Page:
Page:Popular Science Monthly Volume 11.djvu/52

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42
THE POPULAR SCIENCE MONTHLY.

the larvæ live. Other species of the genus are in the same way parasitic on bees. On the 14th of October last I observed that one of my ants had a mite attached to the underside of its head. The mite, which is still in the same position, is almost as large as the head. The ant cannot remove it herself. She has never come out of the nest, so that I could not do it for her, and none of her own companions from that day to this have thought of performing this kind office.

In character the different species of ants differ very much from one another. F. fusca, the one which is preëminently the enslaved ant, is, as might be expected, extremely timid; while the nearly allied F. cinerea has, on the contrary, a considerable amount of individual audacity. F. rufa, the horse ant, according to M. Forel, is especially characterized by the want of individual initiative, and always moves in troops; he also regards the genus Formica as the most brilliant, though some others excel it in other respects, as, for instance, in the sharpness of their senses. F. pratensis worries its slain enemies; F. sanguinea never does. The slave-making ant (P. rufescens) is, perhaps, the bravest of all. If a single individual finds herself surrounded by enemies, she never attempts to fly, as any other ant would, but transfixes her opponents one after another, springing right and left with great agility, till at length she succumbs, overpowered by numbers. M. scabrinodis is cowardly and thievish; during wars among the larger species they haunt the battle-fields and devour the dead. Tetramorium is said to be very greedy; Myrmecina very phlegmatic.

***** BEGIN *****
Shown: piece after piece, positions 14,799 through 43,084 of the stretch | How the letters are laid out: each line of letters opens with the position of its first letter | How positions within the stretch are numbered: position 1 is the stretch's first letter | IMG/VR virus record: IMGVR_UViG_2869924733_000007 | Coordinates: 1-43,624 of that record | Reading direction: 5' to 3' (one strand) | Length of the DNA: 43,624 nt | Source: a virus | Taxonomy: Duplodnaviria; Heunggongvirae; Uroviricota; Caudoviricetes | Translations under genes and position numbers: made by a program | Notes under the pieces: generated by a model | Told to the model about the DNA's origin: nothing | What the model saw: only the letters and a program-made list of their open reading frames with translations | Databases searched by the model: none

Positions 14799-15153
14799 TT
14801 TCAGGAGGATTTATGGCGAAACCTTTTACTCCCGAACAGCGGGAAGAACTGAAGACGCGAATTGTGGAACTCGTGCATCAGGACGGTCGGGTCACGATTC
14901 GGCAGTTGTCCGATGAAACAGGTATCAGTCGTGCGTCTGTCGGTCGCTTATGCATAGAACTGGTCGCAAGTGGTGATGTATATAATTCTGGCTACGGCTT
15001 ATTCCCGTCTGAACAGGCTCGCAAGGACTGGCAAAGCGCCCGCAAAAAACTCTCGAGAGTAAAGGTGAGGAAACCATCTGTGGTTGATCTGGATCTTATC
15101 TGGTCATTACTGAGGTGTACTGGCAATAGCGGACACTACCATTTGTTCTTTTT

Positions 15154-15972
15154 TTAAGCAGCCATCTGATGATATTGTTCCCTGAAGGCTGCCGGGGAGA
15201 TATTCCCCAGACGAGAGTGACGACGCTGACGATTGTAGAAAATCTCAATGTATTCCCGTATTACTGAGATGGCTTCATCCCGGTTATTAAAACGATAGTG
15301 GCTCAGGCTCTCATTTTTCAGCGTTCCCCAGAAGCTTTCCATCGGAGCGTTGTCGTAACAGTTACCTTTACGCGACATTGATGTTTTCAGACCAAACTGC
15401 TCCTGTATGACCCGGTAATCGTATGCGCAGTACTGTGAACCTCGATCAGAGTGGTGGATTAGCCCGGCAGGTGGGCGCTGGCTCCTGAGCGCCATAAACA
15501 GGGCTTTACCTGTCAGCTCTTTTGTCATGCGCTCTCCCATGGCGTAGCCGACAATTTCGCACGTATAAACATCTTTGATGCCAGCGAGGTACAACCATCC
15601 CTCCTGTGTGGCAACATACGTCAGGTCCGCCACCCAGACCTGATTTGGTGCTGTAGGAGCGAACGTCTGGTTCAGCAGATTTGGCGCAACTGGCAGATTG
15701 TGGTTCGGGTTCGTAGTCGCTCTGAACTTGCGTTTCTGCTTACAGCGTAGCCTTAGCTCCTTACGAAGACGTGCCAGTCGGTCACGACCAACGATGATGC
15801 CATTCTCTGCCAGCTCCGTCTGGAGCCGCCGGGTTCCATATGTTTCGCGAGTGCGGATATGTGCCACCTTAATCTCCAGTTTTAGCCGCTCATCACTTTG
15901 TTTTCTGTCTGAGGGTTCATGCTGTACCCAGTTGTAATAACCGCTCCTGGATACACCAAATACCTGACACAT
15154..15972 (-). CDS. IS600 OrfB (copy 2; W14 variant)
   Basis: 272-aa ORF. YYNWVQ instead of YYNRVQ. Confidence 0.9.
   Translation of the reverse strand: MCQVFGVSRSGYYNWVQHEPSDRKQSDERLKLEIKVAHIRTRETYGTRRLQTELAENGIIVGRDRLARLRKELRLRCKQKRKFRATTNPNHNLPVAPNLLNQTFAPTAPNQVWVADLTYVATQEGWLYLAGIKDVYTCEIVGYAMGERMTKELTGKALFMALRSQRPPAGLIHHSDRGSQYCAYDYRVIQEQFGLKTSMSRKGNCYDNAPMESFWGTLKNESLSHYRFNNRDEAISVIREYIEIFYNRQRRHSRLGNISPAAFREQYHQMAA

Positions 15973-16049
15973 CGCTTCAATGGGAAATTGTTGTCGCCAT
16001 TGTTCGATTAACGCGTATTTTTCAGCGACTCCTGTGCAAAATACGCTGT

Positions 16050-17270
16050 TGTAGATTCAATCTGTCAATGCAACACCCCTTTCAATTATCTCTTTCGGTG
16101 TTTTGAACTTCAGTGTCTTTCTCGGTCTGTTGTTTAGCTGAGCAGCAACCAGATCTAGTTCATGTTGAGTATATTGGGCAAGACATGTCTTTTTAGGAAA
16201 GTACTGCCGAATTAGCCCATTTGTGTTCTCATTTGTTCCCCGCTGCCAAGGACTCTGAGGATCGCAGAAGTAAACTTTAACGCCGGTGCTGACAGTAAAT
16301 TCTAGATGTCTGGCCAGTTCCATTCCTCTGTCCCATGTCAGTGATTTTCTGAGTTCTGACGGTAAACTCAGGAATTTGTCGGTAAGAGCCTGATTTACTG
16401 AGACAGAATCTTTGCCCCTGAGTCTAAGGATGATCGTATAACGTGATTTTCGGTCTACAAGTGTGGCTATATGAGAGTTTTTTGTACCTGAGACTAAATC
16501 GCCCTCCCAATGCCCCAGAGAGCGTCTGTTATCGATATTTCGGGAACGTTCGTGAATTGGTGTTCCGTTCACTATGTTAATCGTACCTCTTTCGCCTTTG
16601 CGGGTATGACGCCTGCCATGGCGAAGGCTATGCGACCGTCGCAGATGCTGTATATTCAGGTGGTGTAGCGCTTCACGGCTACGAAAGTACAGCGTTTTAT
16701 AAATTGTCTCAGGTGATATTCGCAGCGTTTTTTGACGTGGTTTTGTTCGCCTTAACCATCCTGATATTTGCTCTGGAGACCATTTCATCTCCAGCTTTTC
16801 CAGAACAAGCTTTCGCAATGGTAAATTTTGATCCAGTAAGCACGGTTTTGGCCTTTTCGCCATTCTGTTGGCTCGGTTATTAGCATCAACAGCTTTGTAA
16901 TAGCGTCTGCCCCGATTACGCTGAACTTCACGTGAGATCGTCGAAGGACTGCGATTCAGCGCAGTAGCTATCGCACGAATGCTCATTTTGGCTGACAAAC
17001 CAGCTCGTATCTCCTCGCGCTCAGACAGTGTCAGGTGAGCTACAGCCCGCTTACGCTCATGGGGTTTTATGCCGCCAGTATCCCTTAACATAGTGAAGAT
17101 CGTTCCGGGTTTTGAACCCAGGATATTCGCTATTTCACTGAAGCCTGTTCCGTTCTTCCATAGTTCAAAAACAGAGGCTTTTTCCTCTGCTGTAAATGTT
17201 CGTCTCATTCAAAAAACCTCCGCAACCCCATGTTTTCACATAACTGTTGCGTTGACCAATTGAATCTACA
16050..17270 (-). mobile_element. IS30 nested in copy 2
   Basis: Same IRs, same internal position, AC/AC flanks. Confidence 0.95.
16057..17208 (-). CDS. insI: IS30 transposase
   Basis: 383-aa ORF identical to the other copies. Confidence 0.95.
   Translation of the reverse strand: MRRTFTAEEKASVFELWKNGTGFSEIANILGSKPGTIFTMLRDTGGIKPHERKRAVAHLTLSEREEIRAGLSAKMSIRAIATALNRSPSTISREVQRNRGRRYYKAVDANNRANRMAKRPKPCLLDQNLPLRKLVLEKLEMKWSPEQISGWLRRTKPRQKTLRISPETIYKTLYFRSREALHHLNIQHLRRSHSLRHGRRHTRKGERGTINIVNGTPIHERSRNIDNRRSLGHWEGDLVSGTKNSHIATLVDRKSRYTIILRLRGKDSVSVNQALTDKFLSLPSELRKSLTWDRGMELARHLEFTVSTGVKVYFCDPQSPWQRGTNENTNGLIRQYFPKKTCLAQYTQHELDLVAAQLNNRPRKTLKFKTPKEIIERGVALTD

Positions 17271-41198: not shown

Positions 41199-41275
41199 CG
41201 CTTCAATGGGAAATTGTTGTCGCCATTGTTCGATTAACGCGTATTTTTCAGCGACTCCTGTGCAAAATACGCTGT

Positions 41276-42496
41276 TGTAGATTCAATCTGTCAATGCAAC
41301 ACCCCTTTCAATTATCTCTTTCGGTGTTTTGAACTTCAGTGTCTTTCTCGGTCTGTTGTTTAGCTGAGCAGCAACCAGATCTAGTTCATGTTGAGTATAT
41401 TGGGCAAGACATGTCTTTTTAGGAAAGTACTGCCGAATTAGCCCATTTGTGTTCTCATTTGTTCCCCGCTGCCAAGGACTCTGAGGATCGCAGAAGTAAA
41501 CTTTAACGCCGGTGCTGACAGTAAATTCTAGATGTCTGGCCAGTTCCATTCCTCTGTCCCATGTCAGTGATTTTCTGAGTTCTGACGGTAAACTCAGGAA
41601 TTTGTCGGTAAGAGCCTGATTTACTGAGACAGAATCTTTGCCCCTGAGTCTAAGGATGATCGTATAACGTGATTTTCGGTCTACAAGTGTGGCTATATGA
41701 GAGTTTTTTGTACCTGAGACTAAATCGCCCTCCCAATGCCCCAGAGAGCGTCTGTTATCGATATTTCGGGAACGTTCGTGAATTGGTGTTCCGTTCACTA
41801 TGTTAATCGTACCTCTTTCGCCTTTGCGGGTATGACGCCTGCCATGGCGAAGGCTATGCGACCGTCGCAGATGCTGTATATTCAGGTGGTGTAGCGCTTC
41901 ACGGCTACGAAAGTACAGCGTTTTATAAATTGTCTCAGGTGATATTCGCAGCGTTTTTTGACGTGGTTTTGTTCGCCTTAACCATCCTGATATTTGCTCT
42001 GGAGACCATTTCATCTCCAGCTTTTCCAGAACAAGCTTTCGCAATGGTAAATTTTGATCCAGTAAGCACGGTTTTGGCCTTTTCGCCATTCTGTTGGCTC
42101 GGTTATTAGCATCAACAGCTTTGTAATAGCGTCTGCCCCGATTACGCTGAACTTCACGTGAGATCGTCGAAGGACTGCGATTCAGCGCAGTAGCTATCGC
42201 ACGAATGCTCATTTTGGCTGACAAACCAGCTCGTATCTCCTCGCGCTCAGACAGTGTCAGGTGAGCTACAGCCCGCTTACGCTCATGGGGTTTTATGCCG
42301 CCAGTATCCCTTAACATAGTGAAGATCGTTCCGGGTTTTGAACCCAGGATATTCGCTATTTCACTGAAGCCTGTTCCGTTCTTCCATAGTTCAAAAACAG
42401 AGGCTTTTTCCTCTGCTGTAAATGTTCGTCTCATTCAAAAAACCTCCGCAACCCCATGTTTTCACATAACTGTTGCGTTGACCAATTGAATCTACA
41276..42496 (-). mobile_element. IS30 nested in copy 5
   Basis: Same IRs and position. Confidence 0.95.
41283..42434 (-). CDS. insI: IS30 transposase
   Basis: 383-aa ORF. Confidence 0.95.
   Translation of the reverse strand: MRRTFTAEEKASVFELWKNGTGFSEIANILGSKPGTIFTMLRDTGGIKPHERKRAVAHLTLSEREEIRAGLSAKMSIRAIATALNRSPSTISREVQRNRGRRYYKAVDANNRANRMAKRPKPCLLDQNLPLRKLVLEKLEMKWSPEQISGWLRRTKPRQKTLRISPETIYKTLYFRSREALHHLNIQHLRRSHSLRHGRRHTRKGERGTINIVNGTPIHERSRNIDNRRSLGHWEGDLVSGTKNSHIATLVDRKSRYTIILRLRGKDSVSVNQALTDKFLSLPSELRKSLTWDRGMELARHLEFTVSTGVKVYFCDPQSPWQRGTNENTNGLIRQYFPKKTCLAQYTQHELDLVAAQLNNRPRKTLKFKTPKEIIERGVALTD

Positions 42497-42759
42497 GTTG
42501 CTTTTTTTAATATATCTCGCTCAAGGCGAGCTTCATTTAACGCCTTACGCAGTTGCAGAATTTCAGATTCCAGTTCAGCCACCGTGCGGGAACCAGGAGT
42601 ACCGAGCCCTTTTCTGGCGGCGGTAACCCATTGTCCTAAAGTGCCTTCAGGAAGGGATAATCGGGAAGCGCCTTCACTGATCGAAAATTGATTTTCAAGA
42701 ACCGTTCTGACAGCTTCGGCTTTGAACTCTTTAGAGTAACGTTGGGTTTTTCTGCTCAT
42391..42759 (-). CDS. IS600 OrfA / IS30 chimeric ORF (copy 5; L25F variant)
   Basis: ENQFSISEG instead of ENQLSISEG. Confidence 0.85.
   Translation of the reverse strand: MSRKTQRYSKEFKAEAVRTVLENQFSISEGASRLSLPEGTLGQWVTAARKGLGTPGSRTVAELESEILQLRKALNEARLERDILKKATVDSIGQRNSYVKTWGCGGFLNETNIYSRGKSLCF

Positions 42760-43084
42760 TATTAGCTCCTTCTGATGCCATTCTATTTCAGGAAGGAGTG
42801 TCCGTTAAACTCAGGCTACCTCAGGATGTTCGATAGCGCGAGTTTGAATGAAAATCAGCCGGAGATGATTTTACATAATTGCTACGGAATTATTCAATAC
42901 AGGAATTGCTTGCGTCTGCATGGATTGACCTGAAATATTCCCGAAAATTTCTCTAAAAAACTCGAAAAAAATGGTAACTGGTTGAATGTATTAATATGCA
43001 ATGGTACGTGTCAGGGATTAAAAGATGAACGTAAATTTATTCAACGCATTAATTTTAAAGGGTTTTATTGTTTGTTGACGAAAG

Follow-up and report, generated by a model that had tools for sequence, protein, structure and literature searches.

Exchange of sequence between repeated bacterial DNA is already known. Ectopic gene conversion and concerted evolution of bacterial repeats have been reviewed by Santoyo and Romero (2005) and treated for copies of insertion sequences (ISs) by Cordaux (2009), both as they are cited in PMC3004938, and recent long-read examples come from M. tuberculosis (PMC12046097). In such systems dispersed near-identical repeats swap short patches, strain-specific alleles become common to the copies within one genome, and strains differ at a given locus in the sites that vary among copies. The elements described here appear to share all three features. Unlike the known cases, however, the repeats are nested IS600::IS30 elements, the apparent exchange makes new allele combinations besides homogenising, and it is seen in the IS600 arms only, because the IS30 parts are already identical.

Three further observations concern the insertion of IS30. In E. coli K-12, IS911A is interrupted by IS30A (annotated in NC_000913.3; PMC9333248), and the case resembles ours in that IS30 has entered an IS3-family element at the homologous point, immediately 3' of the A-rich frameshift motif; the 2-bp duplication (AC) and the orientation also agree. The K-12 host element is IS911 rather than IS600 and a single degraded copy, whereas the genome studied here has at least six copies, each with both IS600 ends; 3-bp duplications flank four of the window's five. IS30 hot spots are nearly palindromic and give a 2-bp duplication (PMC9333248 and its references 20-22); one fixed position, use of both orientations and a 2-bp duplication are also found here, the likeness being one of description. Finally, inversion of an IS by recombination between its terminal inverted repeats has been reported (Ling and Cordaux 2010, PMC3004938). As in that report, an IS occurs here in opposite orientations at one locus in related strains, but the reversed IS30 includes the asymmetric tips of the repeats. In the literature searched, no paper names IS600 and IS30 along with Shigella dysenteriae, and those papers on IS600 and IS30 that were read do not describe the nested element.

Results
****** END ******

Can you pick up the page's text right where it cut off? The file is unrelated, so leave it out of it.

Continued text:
In industry ants are not surpassed even by bees and wasps. They work all day, and in warm weather, if need be, even at night too. I once watched an ant from six in the morning, and she worked without intermission till a quarter to ten at night. I had put her to a saucer containing larvæ, and in this time she carried off no less than a hundred and eighty-seven to the nest. I once had another ant, which I employed in my experiments, under observation several days. When I came up to London in the morning, and went to bed at night, I used to put her in a small bottle, but the moment she was let out she began to work again. On one occasion I was away from home for a week. On my return I let her out of the bottle, placing her on a little heap of larvæ about three feet from the nest. Under these circumstances I certainly did not expect her to return. However, though she had thus been six days in confinement, the brave little creature immediately picked up a larva, carried it off to the nest, and after half an hour's rest returned for another.

We have had hitherto very little information as to the length of life in ants. So far, indeed, as the preparatory stages are concerned, there is little difficulty in approximately ascertaining the facts—namely, that while they take only a few weeks in summer, in some